Erdogan warns Germany genocide vote could harm ties
Erdogan warned Germany against the adoption of a parliamentary resolution recognising the massacre of Armenians by Ottoman forces as “genocide”
Turkish President Recep Tayyip Erdogan on Tuesday warned Germany against the adoption of a parliamentary resolution recognising the massacre of Armenians by Ottoman forces as “genocide”, saying it would harm the countries’ relationship.
“If (Germany) falls into such a game, that would harm our future ties -- the diplomatic, economic, political, commercial and military ties between the two countries,” Erdogan told reporters in the western province of Izmir ahead of an African tour.
“I believe all of these would be reconsidered.”
The German lower house of parliament is set to vote on Thursday on the resolution over the slaughter, with the text carrying the contentious word “genocide” to the dismay of Ankara.
Erdogan said he had spoken on the phone earlier with German Chancellor Angela Merkel to raise concerns over the wording of the resolution.
He hailed the two countries’ ties as being “at the highest level” but said Turkey would consider reciprocal steps after the vote on Thursday.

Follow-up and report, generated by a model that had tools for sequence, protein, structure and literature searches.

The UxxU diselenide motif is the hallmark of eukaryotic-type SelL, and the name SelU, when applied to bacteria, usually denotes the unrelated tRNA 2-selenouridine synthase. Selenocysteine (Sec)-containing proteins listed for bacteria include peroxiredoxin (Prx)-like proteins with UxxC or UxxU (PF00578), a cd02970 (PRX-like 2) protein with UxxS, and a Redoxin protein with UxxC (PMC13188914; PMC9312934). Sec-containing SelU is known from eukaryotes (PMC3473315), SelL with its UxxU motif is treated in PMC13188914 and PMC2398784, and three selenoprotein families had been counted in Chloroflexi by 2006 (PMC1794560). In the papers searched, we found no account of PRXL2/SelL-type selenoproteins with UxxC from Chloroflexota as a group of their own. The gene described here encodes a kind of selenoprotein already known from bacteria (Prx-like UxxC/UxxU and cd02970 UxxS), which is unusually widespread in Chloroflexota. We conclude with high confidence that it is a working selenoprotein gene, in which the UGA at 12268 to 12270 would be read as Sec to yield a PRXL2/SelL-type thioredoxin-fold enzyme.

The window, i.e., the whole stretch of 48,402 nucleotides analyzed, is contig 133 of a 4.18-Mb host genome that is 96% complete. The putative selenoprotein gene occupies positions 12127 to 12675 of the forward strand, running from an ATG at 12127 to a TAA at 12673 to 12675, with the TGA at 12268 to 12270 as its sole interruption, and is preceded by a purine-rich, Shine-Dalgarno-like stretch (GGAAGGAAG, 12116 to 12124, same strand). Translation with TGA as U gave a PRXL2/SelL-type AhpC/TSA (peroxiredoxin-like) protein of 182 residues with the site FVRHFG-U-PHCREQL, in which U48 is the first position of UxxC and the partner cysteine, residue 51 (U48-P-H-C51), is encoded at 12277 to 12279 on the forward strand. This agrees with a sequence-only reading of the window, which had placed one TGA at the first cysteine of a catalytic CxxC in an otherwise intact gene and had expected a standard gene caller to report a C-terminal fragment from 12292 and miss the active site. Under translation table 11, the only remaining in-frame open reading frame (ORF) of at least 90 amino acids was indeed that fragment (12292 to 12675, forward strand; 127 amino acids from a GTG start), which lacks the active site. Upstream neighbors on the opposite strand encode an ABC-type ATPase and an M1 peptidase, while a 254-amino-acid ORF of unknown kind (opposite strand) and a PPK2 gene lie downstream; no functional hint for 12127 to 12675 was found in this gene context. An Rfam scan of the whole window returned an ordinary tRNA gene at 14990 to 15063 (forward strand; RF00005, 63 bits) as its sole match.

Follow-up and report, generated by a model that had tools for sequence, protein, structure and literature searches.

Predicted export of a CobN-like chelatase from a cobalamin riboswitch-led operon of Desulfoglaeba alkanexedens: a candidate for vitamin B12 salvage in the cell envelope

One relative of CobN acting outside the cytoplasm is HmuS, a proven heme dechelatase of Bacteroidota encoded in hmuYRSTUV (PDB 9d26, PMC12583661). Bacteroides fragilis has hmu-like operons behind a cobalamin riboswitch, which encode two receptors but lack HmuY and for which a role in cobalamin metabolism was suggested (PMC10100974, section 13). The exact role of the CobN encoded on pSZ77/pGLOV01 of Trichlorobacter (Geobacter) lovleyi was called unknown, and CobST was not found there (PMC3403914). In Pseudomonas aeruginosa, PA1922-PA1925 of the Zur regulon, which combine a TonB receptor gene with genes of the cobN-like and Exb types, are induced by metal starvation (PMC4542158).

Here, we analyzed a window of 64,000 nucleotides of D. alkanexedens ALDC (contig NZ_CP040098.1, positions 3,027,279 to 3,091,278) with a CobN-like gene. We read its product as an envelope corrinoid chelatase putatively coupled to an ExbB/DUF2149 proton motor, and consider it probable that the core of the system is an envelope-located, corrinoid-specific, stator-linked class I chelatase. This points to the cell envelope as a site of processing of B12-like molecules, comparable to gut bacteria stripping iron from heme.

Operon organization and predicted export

“We will do the necessary evaluation after the vote,” Erdogan said.
But he added: “I want you to know that it (the German resolution) is not binding under international law.”
Turkish authorities have long lobbied Western allies not to recognise the killings as genocide and stepped up efforts last year on the 100th anniversary of the tragedy.
Armenians say up to 1.5 million were killed between 1915 and 1917 in a targeted campaign of genocide by top Ottoman officials to wipe out their people from Anatolia.
Modern Turkey insists comparable numbers of Armenians and Turks died in a collective tragedy when Armenians sided with invading Russian troops in World War I.
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